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Synergistic Approach of Ultrafast Spectroscopy and Molecular Simulations in the Characterization of Intramolecular Charge Transfer in Push-Pull Molecules

  • de cumis, siciliani
Publication Date
Jan 20, 2020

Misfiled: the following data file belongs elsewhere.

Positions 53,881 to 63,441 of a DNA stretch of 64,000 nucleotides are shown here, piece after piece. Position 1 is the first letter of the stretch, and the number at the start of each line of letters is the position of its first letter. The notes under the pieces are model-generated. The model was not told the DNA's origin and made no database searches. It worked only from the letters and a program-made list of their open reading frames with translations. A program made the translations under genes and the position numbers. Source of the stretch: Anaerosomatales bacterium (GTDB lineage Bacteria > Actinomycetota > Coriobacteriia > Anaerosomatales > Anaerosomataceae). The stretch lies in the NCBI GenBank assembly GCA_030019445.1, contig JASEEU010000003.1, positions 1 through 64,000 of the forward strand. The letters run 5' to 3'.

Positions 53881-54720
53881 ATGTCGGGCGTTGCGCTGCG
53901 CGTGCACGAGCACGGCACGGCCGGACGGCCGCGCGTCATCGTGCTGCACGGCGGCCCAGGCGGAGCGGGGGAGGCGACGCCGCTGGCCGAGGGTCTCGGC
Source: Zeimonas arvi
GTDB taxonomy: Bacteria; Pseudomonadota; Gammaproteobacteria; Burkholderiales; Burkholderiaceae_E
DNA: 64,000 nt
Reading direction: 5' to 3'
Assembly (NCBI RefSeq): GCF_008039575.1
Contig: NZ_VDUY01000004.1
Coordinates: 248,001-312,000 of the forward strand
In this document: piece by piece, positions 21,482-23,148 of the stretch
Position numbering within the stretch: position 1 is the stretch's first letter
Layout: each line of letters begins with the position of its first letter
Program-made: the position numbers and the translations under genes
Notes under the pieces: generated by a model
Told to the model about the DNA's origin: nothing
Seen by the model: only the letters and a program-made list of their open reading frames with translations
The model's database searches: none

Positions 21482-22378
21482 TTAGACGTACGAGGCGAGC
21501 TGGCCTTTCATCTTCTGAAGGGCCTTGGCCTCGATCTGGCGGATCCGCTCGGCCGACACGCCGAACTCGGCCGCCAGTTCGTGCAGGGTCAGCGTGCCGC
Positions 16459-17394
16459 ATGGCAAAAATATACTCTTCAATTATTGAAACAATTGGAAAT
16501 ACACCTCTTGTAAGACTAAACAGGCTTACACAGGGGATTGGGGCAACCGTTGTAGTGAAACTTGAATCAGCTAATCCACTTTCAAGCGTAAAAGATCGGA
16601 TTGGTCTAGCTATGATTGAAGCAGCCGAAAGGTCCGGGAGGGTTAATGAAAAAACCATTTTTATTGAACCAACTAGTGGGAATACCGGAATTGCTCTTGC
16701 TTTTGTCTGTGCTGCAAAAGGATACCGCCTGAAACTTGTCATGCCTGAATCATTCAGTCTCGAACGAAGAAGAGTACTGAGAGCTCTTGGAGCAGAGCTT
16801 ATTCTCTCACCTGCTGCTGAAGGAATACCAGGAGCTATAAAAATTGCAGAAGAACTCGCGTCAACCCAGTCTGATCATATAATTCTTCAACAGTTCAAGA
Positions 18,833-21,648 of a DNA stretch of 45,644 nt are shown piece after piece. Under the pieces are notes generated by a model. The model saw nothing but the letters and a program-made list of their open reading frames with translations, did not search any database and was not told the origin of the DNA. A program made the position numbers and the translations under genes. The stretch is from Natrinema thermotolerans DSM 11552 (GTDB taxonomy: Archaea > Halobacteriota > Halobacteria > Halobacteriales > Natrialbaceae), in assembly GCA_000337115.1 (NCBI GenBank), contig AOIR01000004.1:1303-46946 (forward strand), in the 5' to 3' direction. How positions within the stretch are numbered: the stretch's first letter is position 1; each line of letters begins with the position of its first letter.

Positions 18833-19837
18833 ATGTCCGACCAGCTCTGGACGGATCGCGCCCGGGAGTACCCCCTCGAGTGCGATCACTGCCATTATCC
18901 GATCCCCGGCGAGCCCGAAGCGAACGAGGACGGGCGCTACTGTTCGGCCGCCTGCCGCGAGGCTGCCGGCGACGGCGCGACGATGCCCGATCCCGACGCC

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The comprehensive characterization of Intramolecular Charge Transfer (ICT) stemming in push-pull molecules with a delocalized &pi / -system of electrons is noteworthy for a bespoke design of organic materials, spanning widespread applications from photovoltaics to nanomedicine imaging devices. Photo-induced ICT is characterized by structural reorganizations, which allows the molecule to adapt to the new electronic density distribution. Herein, we discuss recent photophysical advances combined with recent progresses in the computational chemistry of photoactive molecular ensembles. We focus the discussion on femtosecond Transient Absorption Spectroscopy (TAS) enabling us to follow the transition from a Locally Excited (LE) state to the ICT and to understand how the environment polarity influences radiative and non-radiative decay mechanisms. In many cases, the charge transfer transition is accompanied by structural rearrangements, such as the twisting or molecule planarization. The possibility of an accurate prediction of the charge‐transfer occurring in complex molecules and molecular materials represents an enormous advantage in guiding new molecular and materials design. We briefly report on recent advances in ultrafast multidimensional spectroscopy, in particular, Two-Dimensional Electronic Spectroscopy (2DES), in unraveling the ICT nature of push-pull molecular systems. A theoretical description at the atomistic level of photo-induced molecular transitions can predict with reasonable accuracy the properties of photoactive molecules. In this framework, the review includes a discussion on the advances from simulation and modeling, which have provided, over the years, significant information on photoexcitation, emission, charge-transport, and decay pathways. Density Functional Theory (DFT) coupled with the Time-Dependent (TD) framework can describe electronic properties and dynamics for a limited system size. More recently, Machine Learning (ML) or deep learning approaches, as well as free-energy simulations containing excited state potentials, can speed up the calculations with transferable accuracy to more complex molecules with extended system size. A perspective on combining ultrafast spectroscopy with molecular simulations is foreseen for optimizing the design of photoactive compounds with tunable properties.

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